Frank Herbert's Dune - The Spence Edit
- Crop the footage to 2:35:1 and desaturate the over-bright colors to make it more "cinematic". The film was actually originally shot in 2:1 ratio, so the cropping actually works quite well. Still, ever shot had to be hand cropped.
- Brian Tyler's score from Children of Dune has been incorporated and blended in with Graeme Revell's original score. Both composers are credited.
- New opening credits sequence.
- Princess Irulan's subplot with Feyd is removed. It doesn't really add anything to the story, she's just finding out things we already know.
- Paul is less whiny, less childish. Because this footage is so condensed, I needed to make him a little stronger right off the bat, so we can believe he has grown into the leader he becomes.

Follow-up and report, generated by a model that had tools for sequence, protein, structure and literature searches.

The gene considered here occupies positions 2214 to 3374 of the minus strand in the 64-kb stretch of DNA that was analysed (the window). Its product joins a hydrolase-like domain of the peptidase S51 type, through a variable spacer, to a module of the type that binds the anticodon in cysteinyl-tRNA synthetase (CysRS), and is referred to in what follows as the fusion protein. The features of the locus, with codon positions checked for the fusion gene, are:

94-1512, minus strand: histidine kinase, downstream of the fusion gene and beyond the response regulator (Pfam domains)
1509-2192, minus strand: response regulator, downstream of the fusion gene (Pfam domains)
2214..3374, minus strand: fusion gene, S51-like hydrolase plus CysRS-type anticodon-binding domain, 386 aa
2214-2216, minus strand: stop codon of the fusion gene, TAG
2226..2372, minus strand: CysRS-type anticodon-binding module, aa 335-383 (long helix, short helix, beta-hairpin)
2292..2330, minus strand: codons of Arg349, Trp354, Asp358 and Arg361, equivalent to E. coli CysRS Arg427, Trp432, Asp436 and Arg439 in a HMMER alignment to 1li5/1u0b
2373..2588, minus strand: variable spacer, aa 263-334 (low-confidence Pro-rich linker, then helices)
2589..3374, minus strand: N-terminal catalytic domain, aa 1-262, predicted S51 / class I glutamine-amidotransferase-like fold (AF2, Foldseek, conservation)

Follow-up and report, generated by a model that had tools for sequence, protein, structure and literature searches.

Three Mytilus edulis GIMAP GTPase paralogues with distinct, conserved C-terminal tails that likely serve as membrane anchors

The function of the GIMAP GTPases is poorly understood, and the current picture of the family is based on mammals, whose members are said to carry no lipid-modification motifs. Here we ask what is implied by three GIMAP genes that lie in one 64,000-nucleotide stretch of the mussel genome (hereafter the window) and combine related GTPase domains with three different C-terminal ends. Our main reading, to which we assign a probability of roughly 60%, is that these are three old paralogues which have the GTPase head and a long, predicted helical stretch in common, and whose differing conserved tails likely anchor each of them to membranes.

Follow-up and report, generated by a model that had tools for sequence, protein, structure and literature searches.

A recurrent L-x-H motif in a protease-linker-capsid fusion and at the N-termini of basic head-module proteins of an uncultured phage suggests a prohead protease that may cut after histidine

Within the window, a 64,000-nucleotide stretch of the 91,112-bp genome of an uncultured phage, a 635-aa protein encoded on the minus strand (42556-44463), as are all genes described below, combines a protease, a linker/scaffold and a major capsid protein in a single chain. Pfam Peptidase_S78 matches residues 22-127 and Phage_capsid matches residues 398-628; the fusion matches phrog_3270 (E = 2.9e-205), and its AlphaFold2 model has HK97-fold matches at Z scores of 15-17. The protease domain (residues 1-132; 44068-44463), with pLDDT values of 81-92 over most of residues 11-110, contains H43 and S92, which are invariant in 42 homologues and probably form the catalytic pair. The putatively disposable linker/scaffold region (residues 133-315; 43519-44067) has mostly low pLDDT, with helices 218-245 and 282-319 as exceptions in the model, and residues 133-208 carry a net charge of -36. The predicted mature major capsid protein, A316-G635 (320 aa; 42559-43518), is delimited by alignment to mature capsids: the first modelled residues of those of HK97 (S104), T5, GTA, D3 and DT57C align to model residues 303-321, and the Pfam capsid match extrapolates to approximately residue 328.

- The first act of the movie has been chopped up the most, completely reordered with a large amount of scenes removed.
- The majority of the cutting I did was for pacing and truncating the plot. Though it's still a long film, this length to me feels like the perfect amount of time to tell this story without it feeling hacked to bits.
When I watched the mini series back in 2000 I didn't think too much of it, but being a big Dune fan I welcomed another addition to the medium and the fact that it transferred more stuff from the book to the screen.
Some years ago I caught it again on TV and thought that it was dreadful. The production values were totally cheap, the costumes/props laughably bad and the actors sub-par to say the least. Also all the action scenes were very badly directed and the few good scenes were direct copy-paste from the movie. So yeah, this is a pretty bad show that at times dragged a lot with boring and badly acted dialog.
So what spence did with it? First, he improved the image quality. The colors in the original were indeed too kitch and he toned them down. Second, he tweaked the music to fit better. I don't recall the score much in the original and here it's more pronounced and it's a rather good score actually.